Drinkwater was more aware of the state of things than the feckless wastrels who pounded Baskerville's back in congratulation as though he had won a great victory. He wished he had known of the matter before Baskerville had reported it to Callowell. Watching the scene, he determined matters could not go on and, now that they all appeared recovered from their seasickness, the moment seemed opportune. White was absent on deck and Drinkwater laid down the book he had been trying to read by the guttering illumination of the purser's dip.

'You sicken me, you really do.'

Silence fell on the rabble and the four faces turned towards him. 'Whom are you addressing?' Baskerville asked superciliously.

'All of you,' replied Drinkwater, staring up at their half-lit faces. In the gloom they possessed a diabolical appearance. 'You are a scandalous disgrace. It is likely that Roach will die, if not under punishment then as a consequence of it. If you had a shred of decency, Baskerville, you would go at once and withdraw the charge, say it was a mistake and apologize.'

'Why you contemptuous shit, Drinkwater,' said Baskerville, looking round at his friends. 'He needs a licking...'

'If one of you so much as lays a finger on me,' Drinkwater said, reaching up to where his French sword was slung by its scabbard rings on the deck beam overhead, 'I'll slit his gizzard.' He drew the blade with a rasp. 'Four to one is Frenchmen's odds, my fine bantam cocks, and you've yet to see action. Please, don't give me the excuse.' He paused. Irresolution was already visible in one or two faces and the light played on the wicked blade of the French sword. 'No, don't give me the excuse to defend myself, or I might take singular pleasure in it.'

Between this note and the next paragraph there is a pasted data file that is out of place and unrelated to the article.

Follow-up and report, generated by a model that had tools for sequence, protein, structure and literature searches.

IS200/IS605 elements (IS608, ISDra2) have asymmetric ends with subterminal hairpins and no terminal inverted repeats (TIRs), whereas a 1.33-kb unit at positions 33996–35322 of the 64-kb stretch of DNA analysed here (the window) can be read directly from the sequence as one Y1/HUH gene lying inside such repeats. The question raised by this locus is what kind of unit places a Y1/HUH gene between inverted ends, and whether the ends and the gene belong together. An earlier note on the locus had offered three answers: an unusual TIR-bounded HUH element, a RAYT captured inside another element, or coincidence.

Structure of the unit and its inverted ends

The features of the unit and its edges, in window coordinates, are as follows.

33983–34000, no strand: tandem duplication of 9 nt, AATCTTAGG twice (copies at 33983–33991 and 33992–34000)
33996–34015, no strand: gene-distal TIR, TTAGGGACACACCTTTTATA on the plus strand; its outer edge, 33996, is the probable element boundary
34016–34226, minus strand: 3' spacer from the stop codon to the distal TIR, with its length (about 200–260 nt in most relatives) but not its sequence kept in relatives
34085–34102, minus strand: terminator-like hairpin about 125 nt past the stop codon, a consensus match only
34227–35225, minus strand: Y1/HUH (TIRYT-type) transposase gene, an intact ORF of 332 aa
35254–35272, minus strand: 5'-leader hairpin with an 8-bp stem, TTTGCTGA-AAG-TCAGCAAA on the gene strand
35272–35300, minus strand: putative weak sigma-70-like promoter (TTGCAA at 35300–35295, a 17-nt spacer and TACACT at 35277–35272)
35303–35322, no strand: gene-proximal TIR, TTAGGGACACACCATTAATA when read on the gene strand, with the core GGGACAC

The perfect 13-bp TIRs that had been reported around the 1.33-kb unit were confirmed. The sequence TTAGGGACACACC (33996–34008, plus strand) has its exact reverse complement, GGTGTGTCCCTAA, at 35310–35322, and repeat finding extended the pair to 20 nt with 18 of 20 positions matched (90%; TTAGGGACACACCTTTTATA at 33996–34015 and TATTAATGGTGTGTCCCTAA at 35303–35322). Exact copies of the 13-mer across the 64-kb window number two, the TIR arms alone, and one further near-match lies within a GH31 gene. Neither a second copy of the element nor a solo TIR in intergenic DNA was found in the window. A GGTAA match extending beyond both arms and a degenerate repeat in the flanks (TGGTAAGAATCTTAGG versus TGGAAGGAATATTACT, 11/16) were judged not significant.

Drinkwater rose. 'Brooke,' he said quietly, addressing the youngest of the midshipmen before him, 'go and fetch Jacob.' The boy hesitated and looked at Baskerville for permission, whereupon Drinkwater commanded, 'Go boy!' and Brooke scampered off in search of the messman. While he was gone, Drinkwater dragged his chest out, opened it and threw his belongings into it. A moment later the messman appeared, rubbing sleep from his eyes. 'Jacob, move my chest and hammock forrard. I shall sleep with the marines.'

'Aye, aye, sir.'

Drinkwater paused at the canvas curtain that served to screen off that portion of the orlop known as the cockpit. 'The stink of puppy-dogs in here is overpowering!'

 

By Sunday morning
Cyclops
had passed Norderney without sighting any enemy cruiser. The wind had dropped and there was a mist which persisted into the forenoon, resisting the sun's heat.

'Dense fog by nightfall,' Blackmore remarked.

After divine service the hands remained mustered to witness the punishment. The officers gathered about the captain; the marines lined the hammock nettings, their bayonets fixed. In the waist, over two hundred men were assembled. They murmured softly, like a swarm of bees. Triced up in the main shrouds, the grating awaited the prisoner.